Oil prices jumped to more than $100 per barrel on Wednesday over fears that fallout will result from Egypt unrest and the coup that brought about that unrest.
Oil prices rose to $102.18, their highest price in more than one year.
Actual oil production is Egypt is low compared to other traders; however, the country controls the Suez Canal and pipeline, which moves approximately four million barrels of oil per day. Egyptian officials also hold a lot of influence in the Middle East and North Africa, and those areas provide approximately one-third of the world’s oil production.
In a note to investors, analysts at Lido Isle wrote:
“It’s anyone’s guess as to how high crude oil can go when crisis erupts in the Middle East. We believe this is a key breakout move and would not be surprised to see crude head higher from here.”
Egyptian president Mohamed Morsi was ousted on Wednesday evening, which has led to further concerns over the country’s immediate direction and extended future. Morsi was replaced in the interim by the head of the country’s highest court.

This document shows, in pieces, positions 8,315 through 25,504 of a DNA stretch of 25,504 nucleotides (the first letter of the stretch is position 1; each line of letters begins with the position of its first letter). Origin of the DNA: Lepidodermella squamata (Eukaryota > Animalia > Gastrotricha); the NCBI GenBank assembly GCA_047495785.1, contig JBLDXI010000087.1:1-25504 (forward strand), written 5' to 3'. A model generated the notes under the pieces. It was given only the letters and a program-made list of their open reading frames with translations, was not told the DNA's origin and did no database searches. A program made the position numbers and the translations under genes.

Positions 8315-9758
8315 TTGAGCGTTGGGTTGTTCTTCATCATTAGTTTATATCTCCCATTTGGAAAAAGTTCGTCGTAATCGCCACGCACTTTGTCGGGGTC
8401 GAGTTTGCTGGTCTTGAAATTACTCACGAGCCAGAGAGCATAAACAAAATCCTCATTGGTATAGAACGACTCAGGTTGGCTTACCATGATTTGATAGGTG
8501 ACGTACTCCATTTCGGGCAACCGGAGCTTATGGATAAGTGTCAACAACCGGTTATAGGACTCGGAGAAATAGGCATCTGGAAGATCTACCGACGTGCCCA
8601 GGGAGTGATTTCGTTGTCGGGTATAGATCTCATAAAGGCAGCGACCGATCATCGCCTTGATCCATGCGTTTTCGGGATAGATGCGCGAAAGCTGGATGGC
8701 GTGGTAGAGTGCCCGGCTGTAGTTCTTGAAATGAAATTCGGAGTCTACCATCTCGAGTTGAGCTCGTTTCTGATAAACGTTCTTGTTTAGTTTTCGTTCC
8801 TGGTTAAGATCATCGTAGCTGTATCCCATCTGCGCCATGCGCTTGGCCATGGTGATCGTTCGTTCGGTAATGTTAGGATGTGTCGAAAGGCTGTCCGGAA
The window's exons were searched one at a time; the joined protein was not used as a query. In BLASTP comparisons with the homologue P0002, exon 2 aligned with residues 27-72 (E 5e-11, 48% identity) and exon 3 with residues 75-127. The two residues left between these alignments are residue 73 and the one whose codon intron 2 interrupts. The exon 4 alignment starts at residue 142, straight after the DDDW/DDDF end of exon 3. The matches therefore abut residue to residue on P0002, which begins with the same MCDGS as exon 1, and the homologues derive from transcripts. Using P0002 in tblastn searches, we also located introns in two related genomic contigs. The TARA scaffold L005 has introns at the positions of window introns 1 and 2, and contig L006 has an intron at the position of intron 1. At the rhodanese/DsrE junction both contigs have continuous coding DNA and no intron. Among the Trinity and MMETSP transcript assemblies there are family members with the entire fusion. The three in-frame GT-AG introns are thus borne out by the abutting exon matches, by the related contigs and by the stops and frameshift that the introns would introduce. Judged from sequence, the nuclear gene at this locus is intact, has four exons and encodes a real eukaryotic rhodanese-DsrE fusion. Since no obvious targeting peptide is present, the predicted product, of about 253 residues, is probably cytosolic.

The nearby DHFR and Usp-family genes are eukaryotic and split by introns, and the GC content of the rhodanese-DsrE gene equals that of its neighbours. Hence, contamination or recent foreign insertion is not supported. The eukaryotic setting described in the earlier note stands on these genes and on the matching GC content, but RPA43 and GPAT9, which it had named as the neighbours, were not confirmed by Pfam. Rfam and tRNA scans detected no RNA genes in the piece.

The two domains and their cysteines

Protests in Egypt are the largest witnessed since citizens in Egypt ousted longtime dictator Hosni Mubarak in 2011.
ClearView Energy Partners say of the conflict in Egypt that the Muslim Brotherhood and the Egyptian military “could spur other Islamist actions against allies of the military, including several Arab producing nations allied with the United States.”
In the past two months, oil prices have risen by 16 percent. While Egypt’s unrest has definitely not helped oil prices, it is only part of the equation. Analysts cite an improving economy, rising demand, and other variable for the rise in acquisition costs.
Do you think that oil prices are out of control because of Egypt or because of various variable that have clashed with one another?